Since U.S. Steel had let nature take its course on this unnatural peninsula, a few trees had risen out of the topsoil, but they were skinny, shapeless teenagers. Mostly, the brown dust grew brittle, coppery weeds that bent stiffly in the unbroken lake winds. Far off, a coal-burning plant on the Illinois-Indiana line, a soon-to-be-demolished remnant of smoggy industry, cast a locomotive cloud into the wind. Beyond, the blue silhouettes of the Indiana steel mills were piled atop the horizon-shaped curve of Lake Michigan.

Nasutsa Mabwa, the development’s project manager, took me for a ride around the site, her black SUV rumbling over roadbeds laid out in expectation of asphalt. Her mission, she said, was to restore the middle class to South Chicago by persuading people who could afford to live anywhere to move down to this poor, forgotten neighborhood. It was only a 20-minute drive from downtown.

“It’s going to uplift the entire South Side of Chicago,” Mabwa predicted. “No one else has the access to the water. There’s no land like this left. We’re kind of reinventing an image that has been tarnished, and you have the media fixated on shootings and crimes. There’s shootings all over Chicago. Of course we’re in it because it’s an opportunity for revenue. We’re not going to do it for free. But after you do all of your economics, you realize that, Wow, this is kind of a social transformation project. This is socioeconomic change. It was good, solid middle-class families, and now it’s just in big disrepair.” [For more plans to revive the South Side, see “Theaster Gates: The Rise of an Unconventional Art Star.”]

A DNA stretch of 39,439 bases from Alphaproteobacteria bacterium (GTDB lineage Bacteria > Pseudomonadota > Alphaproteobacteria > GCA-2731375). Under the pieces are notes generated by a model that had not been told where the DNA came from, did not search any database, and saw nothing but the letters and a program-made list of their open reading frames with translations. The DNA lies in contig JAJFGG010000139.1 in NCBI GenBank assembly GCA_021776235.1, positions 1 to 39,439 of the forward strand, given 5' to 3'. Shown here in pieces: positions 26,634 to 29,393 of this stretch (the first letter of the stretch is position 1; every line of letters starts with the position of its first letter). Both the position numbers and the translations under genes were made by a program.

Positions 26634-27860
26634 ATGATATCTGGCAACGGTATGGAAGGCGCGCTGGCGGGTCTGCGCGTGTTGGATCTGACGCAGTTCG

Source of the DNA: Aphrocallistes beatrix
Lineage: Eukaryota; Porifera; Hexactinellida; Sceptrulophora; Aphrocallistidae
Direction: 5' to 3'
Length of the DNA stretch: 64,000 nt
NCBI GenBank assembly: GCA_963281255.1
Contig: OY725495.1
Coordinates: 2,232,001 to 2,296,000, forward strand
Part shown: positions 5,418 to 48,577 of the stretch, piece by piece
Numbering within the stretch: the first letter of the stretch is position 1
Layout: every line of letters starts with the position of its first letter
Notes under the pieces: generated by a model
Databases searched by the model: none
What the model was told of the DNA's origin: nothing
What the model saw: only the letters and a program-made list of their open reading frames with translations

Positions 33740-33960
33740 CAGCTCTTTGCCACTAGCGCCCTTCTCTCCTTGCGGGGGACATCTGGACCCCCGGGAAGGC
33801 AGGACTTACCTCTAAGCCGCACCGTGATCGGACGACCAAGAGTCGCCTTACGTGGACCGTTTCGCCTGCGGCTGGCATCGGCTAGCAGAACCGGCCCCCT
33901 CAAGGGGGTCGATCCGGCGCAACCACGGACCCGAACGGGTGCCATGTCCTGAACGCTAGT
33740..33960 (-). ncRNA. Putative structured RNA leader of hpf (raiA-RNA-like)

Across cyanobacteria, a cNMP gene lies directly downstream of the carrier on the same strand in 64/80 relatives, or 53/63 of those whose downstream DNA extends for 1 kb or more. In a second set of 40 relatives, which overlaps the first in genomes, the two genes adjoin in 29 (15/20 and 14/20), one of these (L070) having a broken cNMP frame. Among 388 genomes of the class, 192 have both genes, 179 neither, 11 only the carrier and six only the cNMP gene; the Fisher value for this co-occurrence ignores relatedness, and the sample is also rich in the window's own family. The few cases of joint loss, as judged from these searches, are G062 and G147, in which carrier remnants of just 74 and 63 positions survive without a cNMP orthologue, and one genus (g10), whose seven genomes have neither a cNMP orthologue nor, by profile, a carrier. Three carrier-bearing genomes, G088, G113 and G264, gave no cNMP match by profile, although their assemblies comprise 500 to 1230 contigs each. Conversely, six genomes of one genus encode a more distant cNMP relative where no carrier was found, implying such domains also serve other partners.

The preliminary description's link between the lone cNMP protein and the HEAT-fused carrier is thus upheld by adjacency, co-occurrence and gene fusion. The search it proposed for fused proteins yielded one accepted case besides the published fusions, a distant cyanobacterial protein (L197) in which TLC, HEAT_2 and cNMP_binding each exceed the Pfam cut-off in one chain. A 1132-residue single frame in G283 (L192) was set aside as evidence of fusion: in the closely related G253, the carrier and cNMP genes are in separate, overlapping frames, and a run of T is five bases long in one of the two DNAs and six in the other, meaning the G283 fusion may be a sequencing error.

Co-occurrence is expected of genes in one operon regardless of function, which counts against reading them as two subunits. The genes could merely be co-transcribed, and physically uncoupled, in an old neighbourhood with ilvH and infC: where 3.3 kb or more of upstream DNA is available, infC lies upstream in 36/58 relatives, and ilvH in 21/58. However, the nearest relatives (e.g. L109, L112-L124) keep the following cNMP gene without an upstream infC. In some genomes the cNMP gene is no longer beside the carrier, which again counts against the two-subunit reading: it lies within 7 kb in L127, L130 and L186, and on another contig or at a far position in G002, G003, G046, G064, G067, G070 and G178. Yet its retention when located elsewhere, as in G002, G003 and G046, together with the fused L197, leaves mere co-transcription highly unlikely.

A daughter of Kenyan immigrants, Mabwa had even bigger plans for Lakeside than her bosses: She wanted to bring Barack Obama’s presidential library there. The University of Chicago, where Obama taught law, is only three miles away. It has an academic claim, but Lakeside has a historic claim, since Obama came to Chicago to work in neighborhoods impoverished by the steel mill closings. If the mills hadn’t failed, Obama would not have become president.

We drove past a desert-colored wall that paralleled the North Slip. The ore wall, where taconite and limestone were piled to await the furnaces, was like the Great Pyramid, an artifact that had outlived its makers. And like the smokestacks at the Waterfront, a mall in Homestead, Pennsylvania, the ore wall would be preserved as an industrial memento. It was also too big to tear down.

Excerpted from Nothin’ but Blue Skies: The Heyday, Hard Times, and Hopes of America’s Industrial Heartland (Bloomsbury Press, $26).